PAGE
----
Dr. Rudolph Tanzi on the Effects of Music on Memory

Dr. Rudolph Tanzi on the Effects of Music on Memory

Dr. Rudolph Tanzi is a Professor of Neurology at Harvard University and Director of the Genetics and Aging Research Unit at Massachusetts General Hospital. He's also the co-founder of SPARK Memories Radio, a new streaming music app designed to stir memories, trigger brain activity, and enhance the quality of life in patients with Alzheimer's disease and dementia. We spoke with Dr. Tanzi about the relationship between music and memory, his side job as a musician, and how music can improve the quality of life for those suffering from Alzheimer's and dementia.

So what does music have to do with Alzheimer's?

"The area of the brain where music memory is, is remarkably spared in Alzheimer's disease," Dr. Tanzi says. He goes on to explain that music memory is stored in a different part of the brain than short-term and long-term memories, language, and speech. Alzheimer's disease follows a very specific path in the brain; it starts by affecting the short-term memory and moves in a circle around the brain, until it eventually reaches long-term memory. But music memory is in the middle of the brain, and the disease doesn't affect it at all.

"So you'll have a late-stage Alzheimer's patient who remembers how to play just about every song she ever knew. She'll even remember the lyrics to songs she would have known. No matter how far along the patient gets," Dr. Tanzi says.

"[In addition], the music part of the brain stimulates the emotional center of the brain, where short-term memory is," he continues. "In Alzheimer's disease, you lose short-term memory. So you're experiencing what's going on in the world, but then you can't put it in context; you can't access that information that you brought in five minutes ago or even a minute ago. So you'll see in nursing homes, if you play music, especially music that emotionally stimulates patients, that they will become more responsive; they're able to keep track of the conversation better, they're able to access more of that sensory information that's coming in by the moment."

So is there a particular kind of music that works best to stimulate access to Alzheimer's patients' short-term memories?

"With SPARK Memories Radio, we designed it [to play] the music that patients most loved between the ages of twelve and twenty-five, because that's the music they grew up with. You go through all these very emotional times in your life, from puberty to high school, college, your first job, with that music as your best friend. Later on, you listen to new music, but you don't bond with it the way you do in your teens and early adulthood. And so because that music stimulates you emotionally, it's more likely to turn on that emotional center that's tied to your memory. Emotion is a key factor [with] memory. [For example], everybody remembers exactly what they were doing on 9/11; it was such an emotional day that those memories are hardwired by the emotional impact."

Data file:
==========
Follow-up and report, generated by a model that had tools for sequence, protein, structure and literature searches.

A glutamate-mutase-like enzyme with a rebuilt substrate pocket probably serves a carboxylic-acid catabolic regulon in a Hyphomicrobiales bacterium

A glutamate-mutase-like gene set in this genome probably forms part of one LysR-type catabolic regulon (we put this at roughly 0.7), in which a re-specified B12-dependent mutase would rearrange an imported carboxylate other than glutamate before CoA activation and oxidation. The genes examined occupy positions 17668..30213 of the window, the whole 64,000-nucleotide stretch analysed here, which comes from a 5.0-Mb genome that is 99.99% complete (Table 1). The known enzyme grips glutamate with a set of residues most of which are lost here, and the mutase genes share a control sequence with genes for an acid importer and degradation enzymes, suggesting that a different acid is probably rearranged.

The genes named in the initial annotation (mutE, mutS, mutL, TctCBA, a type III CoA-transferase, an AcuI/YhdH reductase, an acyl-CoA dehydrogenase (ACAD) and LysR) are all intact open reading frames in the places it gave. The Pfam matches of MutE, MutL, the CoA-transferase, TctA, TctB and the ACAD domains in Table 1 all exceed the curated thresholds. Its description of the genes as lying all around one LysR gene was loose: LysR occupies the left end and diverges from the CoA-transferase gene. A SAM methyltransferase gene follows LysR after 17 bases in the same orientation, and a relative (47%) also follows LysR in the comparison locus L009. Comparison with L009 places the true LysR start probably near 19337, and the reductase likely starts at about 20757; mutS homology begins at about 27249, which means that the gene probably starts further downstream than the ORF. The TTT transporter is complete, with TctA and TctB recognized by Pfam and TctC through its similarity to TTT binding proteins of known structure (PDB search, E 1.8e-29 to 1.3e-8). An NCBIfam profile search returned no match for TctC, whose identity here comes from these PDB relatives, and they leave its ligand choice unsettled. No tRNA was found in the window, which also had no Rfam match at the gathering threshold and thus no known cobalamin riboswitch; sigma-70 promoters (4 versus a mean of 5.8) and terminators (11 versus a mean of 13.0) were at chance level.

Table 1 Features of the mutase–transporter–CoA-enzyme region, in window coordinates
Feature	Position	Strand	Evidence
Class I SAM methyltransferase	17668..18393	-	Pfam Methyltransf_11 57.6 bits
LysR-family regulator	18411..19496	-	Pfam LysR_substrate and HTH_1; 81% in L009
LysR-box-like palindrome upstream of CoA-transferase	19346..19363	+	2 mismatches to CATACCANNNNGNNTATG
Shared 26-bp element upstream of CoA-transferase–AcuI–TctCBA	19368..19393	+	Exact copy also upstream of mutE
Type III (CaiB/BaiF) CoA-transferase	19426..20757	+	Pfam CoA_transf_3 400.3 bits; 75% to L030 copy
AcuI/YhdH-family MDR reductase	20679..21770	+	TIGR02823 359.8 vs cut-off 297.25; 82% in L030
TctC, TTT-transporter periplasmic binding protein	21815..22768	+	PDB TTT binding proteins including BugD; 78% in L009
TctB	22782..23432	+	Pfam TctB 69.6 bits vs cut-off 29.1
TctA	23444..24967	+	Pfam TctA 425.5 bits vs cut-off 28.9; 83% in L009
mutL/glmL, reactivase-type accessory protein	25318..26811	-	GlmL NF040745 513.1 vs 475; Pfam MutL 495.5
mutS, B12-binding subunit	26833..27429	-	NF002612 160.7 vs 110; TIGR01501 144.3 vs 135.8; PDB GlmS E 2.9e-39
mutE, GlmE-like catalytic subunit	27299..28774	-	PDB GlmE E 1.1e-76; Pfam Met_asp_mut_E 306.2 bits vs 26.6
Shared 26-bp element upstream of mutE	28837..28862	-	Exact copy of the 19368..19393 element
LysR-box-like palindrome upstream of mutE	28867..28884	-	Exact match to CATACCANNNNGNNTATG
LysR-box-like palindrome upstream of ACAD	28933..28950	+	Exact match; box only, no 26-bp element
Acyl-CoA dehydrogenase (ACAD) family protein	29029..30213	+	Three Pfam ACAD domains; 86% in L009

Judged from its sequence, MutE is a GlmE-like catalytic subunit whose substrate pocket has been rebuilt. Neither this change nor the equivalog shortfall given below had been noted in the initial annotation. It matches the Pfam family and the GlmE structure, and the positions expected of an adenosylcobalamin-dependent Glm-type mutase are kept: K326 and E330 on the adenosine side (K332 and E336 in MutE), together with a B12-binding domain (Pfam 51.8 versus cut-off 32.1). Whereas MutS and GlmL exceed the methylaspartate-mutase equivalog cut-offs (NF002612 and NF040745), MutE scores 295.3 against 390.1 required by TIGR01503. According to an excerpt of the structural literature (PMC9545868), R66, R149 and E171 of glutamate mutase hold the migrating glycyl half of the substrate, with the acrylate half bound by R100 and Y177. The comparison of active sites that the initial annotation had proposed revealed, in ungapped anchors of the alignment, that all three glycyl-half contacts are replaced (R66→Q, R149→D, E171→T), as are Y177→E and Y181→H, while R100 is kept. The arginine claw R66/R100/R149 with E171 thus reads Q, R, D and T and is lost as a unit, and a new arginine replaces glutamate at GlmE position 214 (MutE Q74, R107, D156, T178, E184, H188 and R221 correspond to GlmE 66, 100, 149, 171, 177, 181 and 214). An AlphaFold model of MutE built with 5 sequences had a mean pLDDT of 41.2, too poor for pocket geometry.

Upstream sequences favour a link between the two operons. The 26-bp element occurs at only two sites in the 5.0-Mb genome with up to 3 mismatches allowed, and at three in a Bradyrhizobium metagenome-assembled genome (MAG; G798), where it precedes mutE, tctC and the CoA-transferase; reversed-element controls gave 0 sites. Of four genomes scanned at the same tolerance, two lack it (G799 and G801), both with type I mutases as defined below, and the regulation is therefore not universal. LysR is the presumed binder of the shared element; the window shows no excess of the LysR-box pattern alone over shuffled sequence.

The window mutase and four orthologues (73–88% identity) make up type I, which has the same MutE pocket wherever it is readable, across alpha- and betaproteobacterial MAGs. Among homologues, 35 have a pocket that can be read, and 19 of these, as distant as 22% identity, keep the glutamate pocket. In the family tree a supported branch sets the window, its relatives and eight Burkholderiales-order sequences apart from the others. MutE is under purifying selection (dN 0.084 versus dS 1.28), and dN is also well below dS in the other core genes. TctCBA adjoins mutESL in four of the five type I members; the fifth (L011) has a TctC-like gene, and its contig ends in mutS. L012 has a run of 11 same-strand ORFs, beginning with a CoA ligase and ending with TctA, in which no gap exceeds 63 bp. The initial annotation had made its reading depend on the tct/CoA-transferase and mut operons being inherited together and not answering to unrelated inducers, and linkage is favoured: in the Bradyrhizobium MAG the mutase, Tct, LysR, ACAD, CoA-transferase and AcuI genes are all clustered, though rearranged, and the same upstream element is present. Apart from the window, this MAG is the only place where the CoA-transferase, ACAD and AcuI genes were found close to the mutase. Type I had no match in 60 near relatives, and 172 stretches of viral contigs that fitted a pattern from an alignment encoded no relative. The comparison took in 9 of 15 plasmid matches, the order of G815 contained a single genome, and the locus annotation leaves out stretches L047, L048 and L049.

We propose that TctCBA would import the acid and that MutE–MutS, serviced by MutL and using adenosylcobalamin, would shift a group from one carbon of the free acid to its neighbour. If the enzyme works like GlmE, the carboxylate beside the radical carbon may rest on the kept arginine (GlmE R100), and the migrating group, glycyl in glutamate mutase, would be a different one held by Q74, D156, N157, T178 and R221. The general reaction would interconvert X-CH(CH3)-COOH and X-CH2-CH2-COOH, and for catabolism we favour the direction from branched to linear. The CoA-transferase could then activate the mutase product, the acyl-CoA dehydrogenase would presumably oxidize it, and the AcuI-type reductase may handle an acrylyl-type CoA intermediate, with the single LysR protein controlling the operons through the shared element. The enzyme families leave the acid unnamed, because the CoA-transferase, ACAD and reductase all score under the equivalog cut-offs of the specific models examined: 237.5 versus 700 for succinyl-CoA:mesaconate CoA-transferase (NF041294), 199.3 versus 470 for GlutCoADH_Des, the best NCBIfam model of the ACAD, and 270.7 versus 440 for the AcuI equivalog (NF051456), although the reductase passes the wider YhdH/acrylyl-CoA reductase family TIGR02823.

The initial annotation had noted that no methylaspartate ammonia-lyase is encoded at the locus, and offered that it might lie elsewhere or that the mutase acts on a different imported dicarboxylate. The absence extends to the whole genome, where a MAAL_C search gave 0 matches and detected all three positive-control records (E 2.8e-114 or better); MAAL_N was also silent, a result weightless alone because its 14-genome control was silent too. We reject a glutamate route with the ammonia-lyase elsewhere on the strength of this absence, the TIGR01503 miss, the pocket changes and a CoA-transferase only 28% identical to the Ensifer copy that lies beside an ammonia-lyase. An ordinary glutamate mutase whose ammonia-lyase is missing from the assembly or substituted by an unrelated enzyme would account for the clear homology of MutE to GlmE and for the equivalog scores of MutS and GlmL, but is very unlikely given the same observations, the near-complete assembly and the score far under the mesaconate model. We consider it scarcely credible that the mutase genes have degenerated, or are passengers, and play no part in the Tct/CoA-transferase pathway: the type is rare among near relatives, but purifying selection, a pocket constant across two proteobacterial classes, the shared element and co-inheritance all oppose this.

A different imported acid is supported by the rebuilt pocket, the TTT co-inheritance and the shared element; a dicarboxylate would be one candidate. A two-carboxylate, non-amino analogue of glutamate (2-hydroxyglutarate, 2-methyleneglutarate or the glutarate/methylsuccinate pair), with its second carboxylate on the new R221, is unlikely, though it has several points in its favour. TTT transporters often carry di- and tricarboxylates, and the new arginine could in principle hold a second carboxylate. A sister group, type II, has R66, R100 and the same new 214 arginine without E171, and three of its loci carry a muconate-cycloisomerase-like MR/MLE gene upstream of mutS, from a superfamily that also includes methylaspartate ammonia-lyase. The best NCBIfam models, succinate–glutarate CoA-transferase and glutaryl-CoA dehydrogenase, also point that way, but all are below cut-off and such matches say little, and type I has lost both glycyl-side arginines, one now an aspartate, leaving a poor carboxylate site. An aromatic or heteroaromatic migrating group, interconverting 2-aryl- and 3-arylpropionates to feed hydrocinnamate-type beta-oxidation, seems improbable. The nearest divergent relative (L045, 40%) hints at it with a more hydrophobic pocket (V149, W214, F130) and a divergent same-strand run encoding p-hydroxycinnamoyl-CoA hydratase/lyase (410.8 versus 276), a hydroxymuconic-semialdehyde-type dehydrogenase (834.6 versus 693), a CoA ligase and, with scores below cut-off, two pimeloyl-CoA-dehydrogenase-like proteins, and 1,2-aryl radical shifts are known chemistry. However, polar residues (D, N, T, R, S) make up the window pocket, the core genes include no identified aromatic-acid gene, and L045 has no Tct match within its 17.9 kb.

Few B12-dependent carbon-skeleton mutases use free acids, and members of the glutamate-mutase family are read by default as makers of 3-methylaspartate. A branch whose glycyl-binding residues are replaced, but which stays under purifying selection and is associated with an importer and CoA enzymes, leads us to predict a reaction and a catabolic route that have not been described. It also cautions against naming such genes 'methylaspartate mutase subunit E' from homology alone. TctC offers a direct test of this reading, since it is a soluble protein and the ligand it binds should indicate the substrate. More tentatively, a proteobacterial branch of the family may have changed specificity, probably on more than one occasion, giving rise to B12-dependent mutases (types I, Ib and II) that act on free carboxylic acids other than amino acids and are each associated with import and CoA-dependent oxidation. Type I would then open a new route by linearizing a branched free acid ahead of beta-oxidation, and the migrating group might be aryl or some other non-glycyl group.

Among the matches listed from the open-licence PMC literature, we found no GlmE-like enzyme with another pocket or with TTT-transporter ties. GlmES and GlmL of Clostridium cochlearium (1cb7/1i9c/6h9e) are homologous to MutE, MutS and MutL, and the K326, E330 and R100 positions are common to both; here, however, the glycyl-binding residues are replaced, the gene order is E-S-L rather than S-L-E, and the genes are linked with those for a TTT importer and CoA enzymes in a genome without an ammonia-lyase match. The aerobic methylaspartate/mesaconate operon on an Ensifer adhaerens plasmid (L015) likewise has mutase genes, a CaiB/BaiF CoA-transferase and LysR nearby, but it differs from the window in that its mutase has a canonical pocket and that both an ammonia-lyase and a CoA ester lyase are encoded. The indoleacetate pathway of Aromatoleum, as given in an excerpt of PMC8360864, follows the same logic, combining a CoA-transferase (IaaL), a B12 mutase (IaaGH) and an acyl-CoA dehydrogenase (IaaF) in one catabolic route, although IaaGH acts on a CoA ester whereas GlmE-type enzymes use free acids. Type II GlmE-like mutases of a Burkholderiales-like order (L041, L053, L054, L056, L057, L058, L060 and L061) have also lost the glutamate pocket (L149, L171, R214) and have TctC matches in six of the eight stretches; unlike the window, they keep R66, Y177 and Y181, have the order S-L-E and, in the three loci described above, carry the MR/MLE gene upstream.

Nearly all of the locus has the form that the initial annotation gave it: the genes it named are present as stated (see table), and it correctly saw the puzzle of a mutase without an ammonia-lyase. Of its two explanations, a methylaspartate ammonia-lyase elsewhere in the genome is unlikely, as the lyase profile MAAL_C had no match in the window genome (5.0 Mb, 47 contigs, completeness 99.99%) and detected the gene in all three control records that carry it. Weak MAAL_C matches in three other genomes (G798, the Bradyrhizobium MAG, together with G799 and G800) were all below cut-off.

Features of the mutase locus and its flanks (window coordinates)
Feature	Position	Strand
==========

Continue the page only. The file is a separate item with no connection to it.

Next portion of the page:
The way the app works is simple; a caregiver or loved one of an Alzheimer's patient can input the patient's genre preferences, or simply choose a list of music popular during the patient's formative years. And then, much like current streaming services like Pandora, the caregiver or loved one can vote each song up or down based on the patient's response. And over time the algorithm of the app will learn what the patient responds best to, so the set list can be improved every time the app is used.

"[The app] works two different ways; for early stage patients, they're suffering from frustration, agitation, even anger, about losing themselves and losing access to their memory map, and so the music in this case will soothe them. In the later stage cases, where the patient might be minimally responsive or even vegetative, it acts to stimulate or 'spark memories,' so hearing these songs, a patient may suddenly perk up and start talking about long-term memories. Because their long-term memories are not affected until later. So the music might stimulate that access, and the patient might start talking about the first car they bought, or when they got married, or their first girlfriend."

"I'm a musician," Dr. Tanzi says. "I play keyboard on the side, mainly with Joe Perry from Aerosmith. I also write music; I wrote a song with Chris Mann called "Remember Me," which is about an Alzheimer's patient. And I'm doing more writing along the same lines now with some other musicians. It's a side thing for me that's fun."

Dr. Tanzi asks us to spread the word about SPARK Memories Radio. "It's not a cure," he caveats, "but with Alzheimer's, it's all about access. We want this app to help as many people as possible."

The SPARK Memories Radio app is out now for iPhone and Android; more information can be found here.

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